Tuesday, January 27, 2009

The media needs to do a better job of reporting on itself

In an article in Adbusters about the state of journalism, titled "State of Emergency," Sean Condon writes:

"If the media wants to find a solution, it's going to have to start doing a better job of reporting on the problem."

I couldn't agree more.

One of the things that has baffled me the most is how traditional reporters who can provide the most incisive analyses of other industries often seem fundamentally incapable of viewing their own clearly.

If they were able to view the newspaper industry clearly, we wouldn't be having a lot of the debates that are currently going on in journalism circles. Instead, we'd all be able to see--and agree on--the following things:

  • Slashing jobs without revising your product strategy has always been a direct path toward collapse.

  • Continuing to produce the same product when your customer base (ie: the demand for your product) is shrinking is similarly a direct path toward obsolescence.

  • Declaring you are a public good entitles you to nothing. (If it did, we'd have fully funded health care, education, and job training programs.)

So why doesn't the traditional media take as cold-eyed approach to the shortcomings and challenges within their own industry as they do with, say, the current crisis in the automotive industry?

It's not malfeasance or misdirection. Instead, it's simply human nature not to be able to regard something clearly in which you are personally vested. Some journalists so deeply believe certain "truths" about the newspaper world, that they can't see that those truths are more mythology than reality. For others, the problem is that their identities are too wrapped up in a very specific idea of what it means to be a journalist. To have to look that idea in the face, and accept that some of it is (irrevocably) broken, means having to let go of that thing that has defined them and their place in the world.

These are perfectly human responses. But from a pragmatic point of view, they are hampering traditional journalists' ability to clearly understand what's happening to their industry, and thus, armed with that clear understanding, to help it move forward.

So what can traditional reporters working at newspapers do to develop the ability to see--and report on--their industry clearly?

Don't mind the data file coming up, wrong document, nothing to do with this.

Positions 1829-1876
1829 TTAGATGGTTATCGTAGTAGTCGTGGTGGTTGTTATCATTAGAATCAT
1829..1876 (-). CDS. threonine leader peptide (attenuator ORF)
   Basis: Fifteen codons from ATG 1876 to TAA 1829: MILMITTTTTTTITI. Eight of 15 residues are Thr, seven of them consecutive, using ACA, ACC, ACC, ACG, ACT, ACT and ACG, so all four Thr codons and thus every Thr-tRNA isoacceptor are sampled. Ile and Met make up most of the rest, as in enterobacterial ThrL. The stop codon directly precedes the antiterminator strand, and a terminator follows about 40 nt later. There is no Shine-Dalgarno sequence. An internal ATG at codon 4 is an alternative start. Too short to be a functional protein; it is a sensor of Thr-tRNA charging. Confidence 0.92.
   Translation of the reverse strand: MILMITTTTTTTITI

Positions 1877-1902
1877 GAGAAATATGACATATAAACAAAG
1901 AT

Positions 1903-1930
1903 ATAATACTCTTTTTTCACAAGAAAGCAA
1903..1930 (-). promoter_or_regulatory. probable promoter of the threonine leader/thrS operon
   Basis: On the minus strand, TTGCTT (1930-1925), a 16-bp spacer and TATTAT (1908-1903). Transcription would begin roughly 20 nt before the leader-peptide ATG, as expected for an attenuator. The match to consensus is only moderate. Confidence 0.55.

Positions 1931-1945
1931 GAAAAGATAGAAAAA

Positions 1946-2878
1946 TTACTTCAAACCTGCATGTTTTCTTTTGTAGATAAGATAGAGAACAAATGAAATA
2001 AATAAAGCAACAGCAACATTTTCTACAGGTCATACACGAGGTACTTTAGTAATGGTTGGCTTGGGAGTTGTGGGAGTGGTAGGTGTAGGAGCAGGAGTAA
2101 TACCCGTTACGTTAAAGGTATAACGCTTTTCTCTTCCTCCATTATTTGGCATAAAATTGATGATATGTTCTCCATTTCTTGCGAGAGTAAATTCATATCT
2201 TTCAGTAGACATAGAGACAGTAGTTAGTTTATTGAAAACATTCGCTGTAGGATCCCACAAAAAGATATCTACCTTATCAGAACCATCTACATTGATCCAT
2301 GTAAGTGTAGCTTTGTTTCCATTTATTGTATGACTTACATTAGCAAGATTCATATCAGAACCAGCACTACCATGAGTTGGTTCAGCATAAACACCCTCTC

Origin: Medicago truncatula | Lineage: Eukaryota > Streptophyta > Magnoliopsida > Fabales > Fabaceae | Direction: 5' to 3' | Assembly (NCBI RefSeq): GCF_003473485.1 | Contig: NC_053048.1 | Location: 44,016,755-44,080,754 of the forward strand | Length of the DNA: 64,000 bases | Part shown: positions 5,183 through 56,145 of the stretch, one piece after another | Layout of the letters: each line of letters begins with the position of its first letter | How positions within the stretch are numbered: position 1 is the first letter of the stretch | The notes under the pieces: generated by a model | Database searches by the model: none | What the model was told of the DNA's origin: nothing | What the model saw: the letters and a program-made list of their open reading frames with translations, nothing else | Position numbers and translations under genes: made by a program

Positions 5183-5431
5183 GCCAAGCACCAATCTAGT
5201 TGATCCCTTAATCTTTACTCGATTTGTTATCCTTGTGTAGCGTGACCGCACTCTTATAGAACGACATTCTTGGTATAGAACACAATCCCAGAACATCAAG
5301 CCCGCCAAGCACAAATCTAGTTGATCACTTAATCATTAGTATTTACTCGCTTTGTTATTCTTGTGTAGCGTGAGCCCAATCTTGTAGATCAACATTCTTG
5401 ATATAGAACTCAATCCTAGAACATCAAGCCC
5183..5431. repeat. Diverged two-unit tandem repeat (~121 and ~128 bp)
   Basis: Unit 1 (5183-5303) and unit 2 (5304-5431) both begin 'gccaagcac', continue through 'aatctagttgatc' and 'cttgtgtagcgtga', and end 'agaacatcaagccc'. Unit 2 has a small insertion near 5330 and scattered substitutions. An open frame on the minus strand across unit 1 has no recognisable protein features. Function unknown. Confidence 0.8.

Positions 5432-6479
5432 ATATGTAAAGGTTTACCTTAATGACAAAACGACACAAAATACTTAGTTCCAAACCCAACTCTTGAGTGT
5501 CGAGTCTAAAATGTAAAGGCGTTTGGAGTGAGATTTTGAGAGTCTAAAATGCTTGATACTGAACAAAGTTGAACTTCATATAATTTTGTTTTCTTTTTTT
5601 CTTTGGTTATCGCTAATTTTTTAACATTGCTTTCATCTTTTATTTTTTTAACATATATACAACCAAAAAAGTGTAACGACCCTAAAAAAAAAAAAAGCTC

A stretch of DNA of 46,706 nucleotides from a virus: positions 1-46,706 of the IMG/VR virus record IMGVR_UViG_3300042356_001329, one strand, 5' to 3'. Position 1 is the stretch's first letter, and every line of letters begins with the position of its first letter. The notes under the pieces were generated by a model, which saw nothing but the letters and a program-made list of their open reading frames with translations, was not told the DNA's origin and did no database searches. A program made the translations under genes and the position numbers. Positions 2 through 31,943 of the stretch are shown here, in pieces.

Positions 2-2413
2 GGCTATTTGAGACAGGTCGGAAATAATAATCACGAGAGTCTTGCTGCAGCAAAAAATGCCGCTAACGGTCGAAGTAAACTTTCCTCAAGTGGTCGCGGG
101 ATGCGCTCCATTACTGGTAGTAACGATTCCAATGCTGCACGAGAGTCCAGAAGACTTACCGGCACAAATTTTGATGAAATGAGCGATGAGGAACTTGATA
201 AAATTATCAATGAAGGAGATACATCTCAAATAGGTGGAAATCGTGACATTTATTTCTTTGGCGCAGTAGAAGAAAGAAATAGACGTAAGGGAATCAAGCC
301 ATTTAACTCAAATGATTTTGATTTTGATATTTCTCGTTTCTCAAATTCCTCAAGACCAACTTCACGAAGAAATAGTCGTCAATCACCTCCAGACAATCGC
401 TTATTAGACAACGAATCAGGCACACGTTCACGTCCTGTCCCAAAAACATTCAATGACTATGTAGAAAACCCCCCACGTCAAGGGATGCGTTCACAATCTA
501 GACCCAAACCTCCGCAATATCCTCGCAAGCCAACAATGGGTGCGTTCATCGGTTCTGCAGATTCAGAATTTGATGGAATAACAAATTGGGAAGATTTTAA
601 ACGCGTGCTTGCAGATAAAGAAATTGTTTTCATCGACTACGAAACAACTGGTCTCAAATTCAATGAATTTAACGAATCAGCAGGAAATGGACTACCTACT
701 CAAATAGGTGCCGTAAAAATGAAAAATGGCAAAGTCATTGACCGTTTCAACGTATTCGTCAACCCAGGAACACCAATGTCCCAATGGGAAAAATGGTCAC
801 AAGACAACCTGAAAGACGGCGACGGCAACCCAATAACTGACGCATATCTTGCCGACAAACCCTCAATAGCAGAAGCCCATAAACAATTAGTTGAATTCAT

• Put the fear on the shelf.
    Seeing the industry for what it is is scary for someone living inside it. You'll feel fear just looking at it. Maybe even panic. Accept it, but don't let it get in your way. Feel the fear. Put it in a box. Put the box on a shelf in the back of a very deep closet. And leave it there. It's a natural feeling. But it's not going to do you any good right now.

  • Ask yourself: If this were a different industry, what questions would I be asking?
    If this were the health care industry, the automotive industry, the industry that produces incandescent light bulbs, what questions would I be asking to determine whether the industry had legs, whether it could survive, and what other industries were emerging to challenge it? And then ask those questions.

  • Ask yourself: If this were a different industry, who would I be talking to?
    Who would I be interviewing to get their reading on the state of that industry? Then get their reading. And give that reading as much credence as you would give to their reading on any other industry.

  • And then write the story as if you were writing about another industry.
    If it helps you quell the fear, and get through the first draft, substitute "the automotive industry" for "the journalism industry" and write what you've learned. You might be surprised by what you produce. And you more than likely end up doing a huge service to everyone--your colleagues and those on the outside--who are trying to figure out how to enable journalism to survive, even if newspapers themselves are dying.

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